Photo by Chris Melamed for the Black Student Alliance at Yale

It might be hard to discern amid all the shouting, but the political and racial hysteria engulfing our college campuses is a least in part an outgrowth of the financial crisis of 2007-08 and the Great Recession that followed. Observing the near collapse of the financial system was an experience that seared itself in the young minds of Millennials. The bailouts of financial firms struck them as an outrage. Immaculately attuned—as youth often is—to unfairness and injustice, they headed for the barricades. In Manhattan’s Zuccotti Park and other impromptu encampments, they compiled an ever-expanding catalog of complaints against the irredeemably racist, classist, and undemocratic American society.

The Occupy movement of 2011 was a mostly white, somewhat undirected kick against capitalism by a generation enamored of social media but unsure how to communicate effectively. Occupy had no official leaders, no clear policy agenda, and no real point other than to provide a channel for its supporters’ inchoate rage at how the world works. Occupy soon withered away from boredom and incoherence, but the millennial generation’s budding leftists learned that they had an appetite for protest. All they needed was another cause.

A series of high-profile police killings in 2014 spurred the Black Lives Matter movement. Where Occupy was largely peaceful and lilywhite, BLM was militant and proudly black. In an all-too-predictable rerun of 1960s radical history, white lefties became infatuated with their black counterparts. Here were protesters willing to do more than just shout and chant—they were ready to throw stones and fight the police, in Baltimore and in Ferguson, Missouri. And unlike Occupy, BLM had several identifiable leaders, a somewhat clear policy agenda, and a driving purpose: to put white America on the back foot.

Now, the two strains of protest have mated. The Maoist Millennials threatening reporters in Missouri and shouting down adult voices outside a Yale residential college are the perfect marriage of inchoate anti-capitalism and racial rage. They represent a generation weaned on cynicism about the prospects for justice in twenty-first-century America. They don’t know who the 1 percent are, or how they got that way—apart from the nefarious, rapacious Koch brothers, of course—but they know that these modern Robber Barons call the shots and always have. They don’t know much about Thomas Jefferson, except that he owned slaves, and thus the mere mention of his name invalidates their identities. They know only outrage. They feel only pain.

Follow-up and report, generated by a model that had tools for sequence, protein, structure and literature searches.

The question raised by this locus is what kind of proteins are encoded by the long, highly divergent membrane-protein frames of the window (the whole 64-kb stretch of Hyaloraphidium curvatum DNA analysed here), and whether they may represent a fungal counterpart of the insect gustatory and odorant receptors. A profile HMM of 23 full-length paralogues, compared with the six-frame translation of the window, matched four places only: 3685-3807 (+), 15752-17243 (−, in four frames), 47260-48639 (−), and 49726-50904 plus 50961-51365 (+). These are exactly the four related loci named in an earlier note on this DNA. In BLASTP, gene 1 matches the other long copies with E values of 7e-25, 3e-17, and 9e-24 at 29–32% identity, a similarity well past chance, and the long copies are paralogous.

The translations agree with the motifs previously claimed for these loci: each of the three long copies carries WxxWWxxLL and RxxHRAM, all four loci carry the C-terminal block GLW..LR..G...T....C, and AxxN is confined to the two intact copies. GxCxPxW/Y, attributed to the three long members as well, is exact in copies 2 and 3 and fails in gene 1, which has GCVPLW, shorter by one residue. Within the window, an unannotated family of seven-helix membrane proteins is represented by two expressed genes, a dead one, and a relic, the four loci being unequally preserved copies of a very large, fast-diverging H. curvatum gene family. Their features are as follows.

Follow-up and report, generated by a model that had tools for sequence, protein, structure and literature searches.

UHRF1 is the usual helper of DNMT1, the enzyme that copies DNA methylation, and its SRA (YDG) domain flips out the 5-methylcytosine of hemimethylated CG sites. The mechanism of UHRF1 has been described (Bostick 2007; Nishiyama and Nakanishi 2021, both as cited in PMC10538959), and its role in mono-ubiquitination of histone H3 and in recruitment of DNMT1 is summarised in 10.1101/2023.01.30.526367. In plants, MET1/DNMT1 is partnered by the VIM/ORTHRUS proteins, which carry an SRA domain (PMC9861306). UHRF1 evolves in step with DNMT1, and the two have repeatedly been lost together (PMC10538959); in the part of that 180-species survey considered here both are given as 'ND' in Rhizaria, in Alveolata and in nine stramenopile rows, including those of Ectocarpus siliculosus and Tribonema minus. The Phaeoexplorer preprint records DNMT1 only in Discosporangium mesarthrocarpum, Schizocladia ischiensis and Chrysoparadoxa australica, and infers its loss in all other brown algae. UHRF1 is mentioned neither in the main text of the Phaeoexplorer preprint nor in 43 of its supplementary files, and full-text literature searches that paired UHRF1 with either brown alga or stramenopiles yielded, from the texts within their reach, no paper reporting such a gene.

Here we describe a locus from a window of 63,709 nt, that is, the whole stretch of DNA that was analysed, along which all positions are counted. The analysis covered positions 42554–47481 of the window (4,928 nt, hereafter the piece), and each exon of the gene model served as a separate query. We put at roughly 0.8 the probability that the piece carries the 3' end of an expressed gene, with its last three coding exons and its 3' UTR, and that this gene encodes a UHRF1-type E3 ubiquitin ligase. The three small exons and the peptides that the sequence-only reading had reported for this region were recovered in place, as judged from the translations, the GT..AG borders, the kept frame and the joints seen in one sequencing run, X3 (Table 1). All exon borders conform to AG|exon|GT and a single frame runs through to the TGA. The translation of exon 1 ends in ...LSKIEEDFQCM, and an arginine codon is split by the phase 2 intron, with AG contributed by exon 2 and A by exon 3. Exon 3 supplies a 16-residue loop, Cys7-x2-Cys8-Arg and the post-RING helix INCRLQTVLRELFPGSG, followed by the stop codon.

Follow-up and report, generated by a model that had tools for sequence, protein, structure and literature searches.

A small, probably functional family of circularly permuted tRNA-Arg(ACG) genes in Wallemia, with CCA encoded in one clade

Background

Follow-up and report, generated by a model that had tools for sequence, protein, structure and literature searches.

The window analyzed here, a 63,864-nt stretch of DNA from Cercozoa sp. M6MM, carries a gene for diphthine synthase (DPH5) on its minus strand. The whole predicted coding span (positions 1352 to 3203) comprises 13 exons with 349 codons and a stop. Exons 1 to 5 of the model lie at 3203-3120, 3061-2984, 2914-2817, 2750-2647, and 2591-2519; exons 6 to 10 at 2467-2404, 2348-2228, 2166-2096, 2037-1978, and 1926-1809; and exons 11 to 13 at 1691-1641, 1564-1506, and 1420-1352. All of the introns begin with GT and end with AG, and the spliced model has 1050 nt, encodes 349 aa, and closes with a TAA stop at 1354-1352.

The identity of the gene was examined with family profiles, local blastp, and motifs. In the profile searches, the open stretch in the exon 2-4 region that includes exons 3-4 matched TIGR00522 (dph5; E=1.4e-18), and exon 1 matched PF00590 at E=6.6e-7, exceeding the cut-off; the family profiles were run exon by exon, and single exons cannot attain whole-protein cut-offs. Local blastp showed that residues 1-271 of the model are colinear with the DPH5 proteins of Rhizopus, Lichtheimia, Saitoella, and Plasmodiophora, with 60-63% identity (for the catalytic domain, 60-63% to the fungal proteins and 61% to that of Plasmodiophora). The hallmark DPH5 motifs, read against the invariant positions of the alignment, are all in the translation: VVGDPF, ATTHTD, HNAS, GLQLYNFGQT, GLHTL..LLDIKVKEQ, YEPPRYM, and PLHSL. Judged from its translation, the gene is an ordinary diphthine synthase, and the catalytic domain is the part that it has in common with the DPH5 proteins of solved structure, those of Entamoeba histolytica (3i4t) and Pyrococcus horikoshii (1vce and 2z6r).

A college freshman in 2015 was 11 years old when Barack Obama was elected president. What themes has he absorbed? The United States is an unjust nation in most respects. Capitalism is a rigged system that only benefits the already rich. If you’re a black man in America, you will be railroaded into prison as soon as you leave school.

But here’s where it gets really interesting. The average 18- to 25-year-old remembers the lofty promises of hope and change that he heard from Obama during his presidential campaigns. He looks at the American political system and thinks to himself: “Even the great Obama can’t snap his fingers and bring about the world of perfect justice that I desire.” What does he conclude? That all politics—even Democratic Party politics—are irredeemably broken. It’s time to tear that down, too.

How to placate this angry and organized element that threatens to hold hostage the Democratic Party and its electoral prospects? Does the party establishment stand for free speech and civil discourse, or does it support burning it all down? We hear a lot about the Republicans’ Tea Party problem but almost nothing about the Democrats’ Maoist problem. What’s Bernie Sanders’s take on the goings-on at Missouri? What’s Hillary Clinton’s?

The sparks from the fires being set in Columbia, Missouri, and New Haven, Connecticut will catch flight on the dry wind of social media over the coming days and weeks, igniting copycat conflagrations at other schools. As with the turbulent campus radicalism of the 1960s, this new outbreak will be mainly the liberals’ problem to solve. The typical American college campus is run by cadres of old-fashioned liberals—not revolutionaries, just plain old American liberals who like mom, apple pie, FDR, LBJ, and Obama. At the higher levels of administration and on boards of trustees and overseers, you may even find the odd moderate Republican. What you don’t find many of are radicals such as those that have been videotaped abetting the anti-free-speech temper tantrums in Missouri.

We’ll soon learn whether the old- fashioned liberals have what it takes to stand up to the Maoists. So far, it’s not looking good.


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